Washington, D.C., February 1, 2007 -- The American Public Health Association (APHA) today released its annual congressional record, which measures how members of Congress voted on legislation that is important to public health.
APHA’s report was compiled by examining hundreds of individual votes and selecting key public health votes during the second session of the 109th Congress in 2006.
In the Senate, 35 out of 100 senators voted in support of APHA’s position on all five of the key issues for which their votes were recorded and received a 100 percent rating. Key Senate votes from 2006 included in this year’s record focused on issues such as funding for influenza planning and vaccine development, funding for health and education programs and parental notification for abortions.
In the House, 117 out of 435 representatives voted in support of APHA’s position on all five of the key issues for which their votes were recorded and received a 100 percent rating. Key House votes from 2006 focused on issues such as food labeling restrictions, funding for health and education programs, requirements for the reporting of toxic chemicals and parental notification for abortions.
“Tracking votes is a clear way to measure the support in Congress for the protection of the health of individuals in America,” said Georges C. Benjamin, MD, FACP, APHA executive director. “It also reminds our nation’s leaders that APHA and its members are watching to see who places a high priority on our nation’s health.”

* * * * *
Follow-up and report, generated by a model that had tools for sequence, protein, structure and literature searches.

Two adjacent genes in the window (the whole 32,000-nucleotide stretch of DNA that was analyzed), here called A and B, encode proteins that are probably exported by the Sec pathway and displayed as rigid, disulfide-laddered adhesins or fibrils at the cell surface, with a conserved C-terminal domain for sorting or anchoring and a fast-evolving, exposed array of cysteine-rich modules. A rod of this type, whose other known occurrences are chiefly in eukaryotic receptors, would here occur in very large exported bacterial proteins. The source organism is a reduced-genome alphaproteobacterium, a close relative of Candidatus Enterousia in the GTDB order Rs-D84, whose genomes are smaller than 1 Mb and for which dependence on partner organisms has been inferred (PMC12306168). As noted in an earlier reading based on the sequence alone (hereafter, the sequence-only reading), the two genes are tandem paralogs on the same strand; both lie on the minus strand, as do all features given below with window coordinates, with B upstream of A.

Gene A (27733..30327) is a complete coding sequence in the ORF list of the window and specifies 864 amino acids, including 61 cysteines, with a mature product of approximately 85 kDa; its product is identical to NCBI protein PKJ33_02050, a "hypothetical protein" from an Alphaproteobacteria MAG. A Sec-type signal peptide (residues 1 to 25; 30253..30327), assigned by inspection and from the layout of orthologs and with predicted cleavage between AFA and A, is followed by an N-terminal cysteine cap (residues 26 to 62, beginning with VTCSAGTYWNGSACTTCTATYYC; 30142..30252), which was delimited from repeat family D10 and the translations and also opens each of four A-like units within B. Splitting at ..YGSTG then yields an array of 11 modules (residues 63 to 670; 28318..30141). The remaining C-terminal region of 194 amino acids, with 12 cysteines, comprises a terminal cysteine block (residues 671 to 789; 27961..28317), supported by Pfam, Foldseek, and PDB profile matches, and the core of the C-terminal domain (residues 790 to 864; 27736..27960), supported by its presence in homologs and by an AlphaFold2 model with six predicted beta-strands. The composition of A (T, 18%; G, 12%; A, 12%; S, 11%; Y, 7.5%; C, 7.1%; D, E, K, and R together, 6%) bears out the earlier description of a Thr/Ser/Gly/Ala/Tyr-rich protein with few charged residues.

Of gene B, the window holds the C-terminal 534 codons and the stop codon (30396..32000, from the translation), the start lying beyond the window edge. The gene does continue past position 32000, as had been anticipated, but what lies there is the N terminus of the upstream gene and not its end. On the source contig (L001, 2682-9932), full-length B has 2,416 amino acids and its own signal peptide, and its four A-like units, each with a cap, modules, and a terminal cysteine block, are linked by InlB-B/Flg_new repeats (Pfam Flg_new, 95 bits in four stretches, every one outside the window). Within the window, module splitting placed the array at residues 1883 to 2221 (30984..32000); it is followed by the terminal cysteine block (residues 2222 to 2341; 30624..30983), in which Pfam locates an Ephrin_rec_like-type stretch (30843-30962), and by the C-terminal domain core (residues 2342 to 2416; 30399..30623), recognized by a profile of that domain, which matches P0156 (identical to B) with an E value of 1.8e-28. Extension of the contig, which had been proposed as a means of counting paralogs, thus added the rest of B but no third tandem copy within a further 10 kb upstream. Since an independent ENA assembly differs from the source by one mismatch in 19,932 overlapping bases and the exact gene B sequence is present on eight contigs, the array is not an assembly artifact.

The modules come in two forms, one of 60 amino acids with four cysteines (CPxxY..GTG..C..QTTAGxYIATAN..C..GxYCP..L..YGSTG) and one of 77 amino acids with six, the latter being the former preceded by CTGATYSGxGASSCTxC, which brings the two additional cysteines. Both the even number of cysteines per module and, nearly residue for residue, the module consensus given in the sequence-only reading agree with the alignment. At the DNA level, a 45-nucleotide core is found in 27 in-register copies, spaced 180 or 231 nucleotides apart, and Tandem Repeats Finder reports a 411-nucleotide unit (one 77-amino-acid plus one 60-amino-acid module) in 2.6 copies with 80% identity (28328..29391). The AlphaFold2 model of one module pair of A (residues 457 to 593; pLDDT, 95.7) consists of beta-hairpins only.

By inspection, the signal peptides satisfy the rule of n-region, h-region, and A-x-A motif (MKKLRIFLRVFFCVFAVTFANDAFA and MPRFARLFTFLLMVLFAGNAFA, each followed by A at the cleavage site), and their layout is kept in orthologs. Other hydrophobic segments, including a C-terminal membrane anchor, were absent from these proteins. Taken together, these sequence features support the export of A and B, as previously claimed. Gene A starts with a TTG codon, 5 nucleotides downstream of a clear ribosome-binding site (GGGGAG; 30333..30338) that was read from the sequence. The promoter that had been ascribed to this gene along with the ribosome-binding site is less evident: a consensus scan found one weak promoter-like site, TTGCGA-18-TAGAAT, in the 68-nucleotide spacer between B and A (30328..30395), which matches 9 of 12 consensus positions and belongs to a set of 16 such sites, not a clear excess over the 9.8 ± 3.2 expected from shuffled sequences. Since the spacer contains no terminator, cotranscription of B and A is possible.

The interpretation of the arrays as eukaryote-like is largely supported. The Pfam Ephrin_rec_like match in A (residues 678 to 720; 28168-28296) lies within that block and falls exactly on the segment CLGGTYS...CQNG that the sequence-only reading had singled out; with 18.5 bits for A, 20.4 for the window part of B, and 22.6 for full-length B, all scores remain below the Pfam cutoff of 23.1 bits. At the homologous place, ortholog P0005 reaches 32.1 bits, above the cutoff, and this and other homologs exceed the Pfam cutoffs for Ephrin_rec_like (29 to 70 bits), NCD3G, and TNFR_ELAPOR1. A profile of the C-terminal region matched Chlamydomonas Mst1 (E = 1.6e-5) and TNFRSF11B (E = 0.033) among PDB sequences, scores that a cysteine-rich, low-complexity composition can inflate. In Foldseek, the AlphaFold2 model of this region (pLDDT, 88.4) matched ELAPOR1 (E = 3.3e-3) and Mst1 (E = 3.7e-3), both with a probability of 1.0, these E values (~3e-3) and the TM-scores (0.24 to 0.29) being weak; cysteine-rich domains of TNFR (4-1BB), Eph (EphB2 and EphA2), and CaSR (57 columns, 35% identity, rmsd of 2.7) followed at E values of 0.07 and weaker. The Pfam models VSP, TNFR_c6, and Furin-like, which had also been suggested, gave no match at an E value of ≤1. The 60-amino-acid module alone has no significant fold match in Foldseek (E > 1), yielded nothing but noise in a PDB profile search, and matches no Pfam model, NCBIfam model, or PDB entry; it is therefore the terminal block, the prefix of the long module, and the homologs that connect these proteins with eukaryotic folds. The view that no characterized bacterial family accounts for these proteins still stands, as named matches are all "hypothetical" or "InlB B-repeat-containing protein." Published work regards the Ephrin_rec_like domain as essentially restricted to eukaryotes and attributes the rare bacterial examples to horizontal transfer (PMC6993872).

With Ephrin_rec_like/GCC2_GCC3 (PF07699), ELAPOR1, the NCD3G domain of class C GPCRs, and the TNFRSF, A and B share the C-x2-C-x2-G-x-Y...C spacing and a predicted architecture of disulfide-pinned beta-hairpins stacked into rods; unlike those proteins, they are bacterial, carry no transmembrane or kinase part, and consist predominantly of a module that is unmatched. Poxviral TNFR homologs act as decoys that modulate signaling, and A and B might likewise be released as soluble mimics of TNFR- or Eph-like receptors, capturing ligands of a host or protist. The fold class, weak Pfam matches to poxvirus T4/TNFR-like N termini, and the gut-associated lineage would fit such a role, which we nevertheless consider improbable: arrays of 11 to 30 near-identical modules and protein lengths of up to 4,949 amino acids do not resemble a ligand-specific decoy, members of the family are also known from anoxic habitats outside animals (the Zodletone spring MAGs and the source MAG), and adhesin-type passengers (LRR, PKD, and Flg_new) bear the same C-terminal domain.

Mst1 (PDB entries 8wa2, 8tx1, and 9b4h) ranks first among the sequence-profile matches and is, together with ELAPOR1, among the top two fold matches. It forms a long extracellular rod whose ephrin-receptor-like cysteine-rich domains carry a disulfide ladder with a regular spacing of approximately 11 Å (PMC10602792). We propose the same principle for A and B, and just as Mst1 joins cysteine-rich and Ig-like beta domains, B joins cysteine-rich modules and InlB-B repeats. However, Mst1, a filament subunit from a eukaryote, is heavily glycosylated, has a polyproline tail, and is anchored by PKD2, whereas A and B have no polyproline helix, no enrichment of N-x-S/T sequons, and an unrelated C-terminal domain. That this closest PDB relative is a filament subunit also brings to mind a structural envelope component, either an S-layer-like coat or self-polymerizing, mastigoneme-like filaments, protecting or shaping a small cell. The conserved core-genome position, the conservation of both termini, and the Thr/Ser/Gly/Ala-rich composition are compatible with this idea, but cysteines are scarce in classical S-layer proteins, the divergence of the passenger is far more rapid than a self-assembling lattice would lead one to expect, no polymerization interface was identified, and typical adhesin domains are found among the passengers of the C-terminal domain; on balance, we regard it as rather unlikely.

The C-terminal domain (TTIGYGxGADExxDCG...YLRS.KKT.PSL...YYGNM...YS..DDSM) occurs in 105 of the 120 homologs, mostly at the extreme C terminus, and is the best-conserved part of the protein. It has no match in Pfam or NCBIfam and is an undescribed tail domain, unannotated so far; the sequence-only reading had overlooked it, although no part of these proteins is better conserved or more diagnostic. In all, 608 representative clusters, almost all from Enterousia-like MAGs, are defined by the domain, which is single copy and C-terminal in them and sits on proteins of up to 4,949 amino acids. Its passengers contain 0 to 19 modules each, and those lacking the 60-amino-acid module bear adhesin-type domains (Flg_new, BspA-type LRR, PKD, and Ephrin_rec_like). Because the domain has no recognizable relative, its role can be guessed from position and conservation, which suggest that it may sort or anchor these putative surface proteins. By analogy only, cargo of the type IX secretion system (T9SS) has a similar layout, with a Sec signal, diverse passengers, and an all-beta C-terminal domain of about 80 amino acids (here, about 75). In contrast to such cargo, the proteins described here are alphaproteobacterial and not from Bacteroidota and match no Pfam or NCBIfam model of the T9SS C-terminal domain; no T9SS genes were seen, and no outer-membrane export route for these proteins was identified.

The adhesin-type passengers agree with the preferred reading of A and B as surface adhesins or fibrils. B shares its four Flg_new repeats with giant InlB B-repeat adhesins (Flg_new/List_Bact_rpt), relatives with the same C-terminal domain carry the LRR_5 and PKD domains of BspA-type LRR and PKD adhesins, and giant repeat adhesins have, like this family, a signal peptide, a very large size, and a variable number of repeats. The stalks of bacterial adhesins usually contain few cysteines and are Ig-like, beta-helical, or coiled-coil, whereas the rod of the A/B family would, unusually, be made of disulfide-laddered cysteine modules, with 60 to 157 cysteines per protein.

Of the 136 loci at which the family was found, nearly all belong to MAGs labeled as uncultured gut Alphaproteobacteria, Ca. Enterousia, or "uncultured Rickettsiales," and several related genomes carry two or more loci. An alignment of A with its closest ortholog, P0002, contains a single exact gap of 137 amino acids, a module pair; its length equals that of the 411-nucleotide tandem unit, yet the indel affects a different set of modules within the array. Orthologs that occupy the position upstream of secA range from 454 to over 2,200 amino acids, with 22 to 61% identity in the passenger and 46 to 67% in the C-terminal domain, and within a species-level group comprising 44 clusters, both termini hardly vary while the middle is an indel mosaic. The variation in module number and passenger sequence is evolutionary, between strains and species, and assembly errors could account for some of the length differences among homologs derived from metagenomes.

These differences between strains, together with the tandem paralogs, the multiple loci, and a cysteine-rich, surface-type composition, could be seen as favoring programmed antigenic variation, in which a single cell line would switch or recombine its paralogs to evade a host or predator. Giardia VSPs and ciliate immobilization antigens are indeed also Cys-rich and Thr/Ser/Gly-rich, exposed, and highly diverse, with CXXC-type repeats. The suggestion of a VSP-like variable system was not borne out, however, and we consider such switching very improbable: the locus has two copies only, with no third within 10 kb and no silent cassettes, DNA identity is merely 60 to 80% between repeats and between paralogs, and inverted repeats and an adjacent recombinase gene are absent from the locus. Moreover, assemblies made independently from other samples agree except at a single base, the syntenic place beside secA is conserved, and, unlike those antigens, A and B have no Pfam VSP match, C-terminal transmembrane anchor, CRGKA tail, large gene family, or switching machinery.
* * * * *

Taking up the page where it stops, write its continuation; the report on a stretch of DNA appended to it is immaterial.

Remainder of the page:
The APHA congressional voting record only reflects the votes taken on selected pieces of legislation and does not reflect the number of legislative proposals a member introduces, leadership in committees, influence over other members or level of expertise. In addition, readers of the voting record are advised that votes on particular legislative provisions should be judged in the overall political context that surrounds such provisions as well as in the context of other related and unrelated legislative provisions contained in the same bill, resolution or amendment. Therefore, APHA asks readers not to judge a member of Congress' qualifications for office or overall level of support for public health and APHA's positions solely on the basis of this report.
The congressional record appears in the February 2007 issue of The Nation's Health, the official newspaper of the American Public Health Association. The voting record may be ordered by purchasing a single copy of the February 2007 issue for $5 by phone at (202) 777-2516, fax at (202) 777-2532 or e-mail at email@example.com. The Nation’s Health is accessible online at http://www.thenationshealth.org.
APHA members may access a PDF version of the vote tally from the APHA Web site at http://www.apha.org/advocacy/activities/2006aphavotingrecord.htm by using their member password. Members who need more information should call Donald Hoppert at (202) 777-2514 or e-mail firstname.lastname@example.org. Members who have forgotten their member password should e-mail email@example.com or call (202) 777-2400.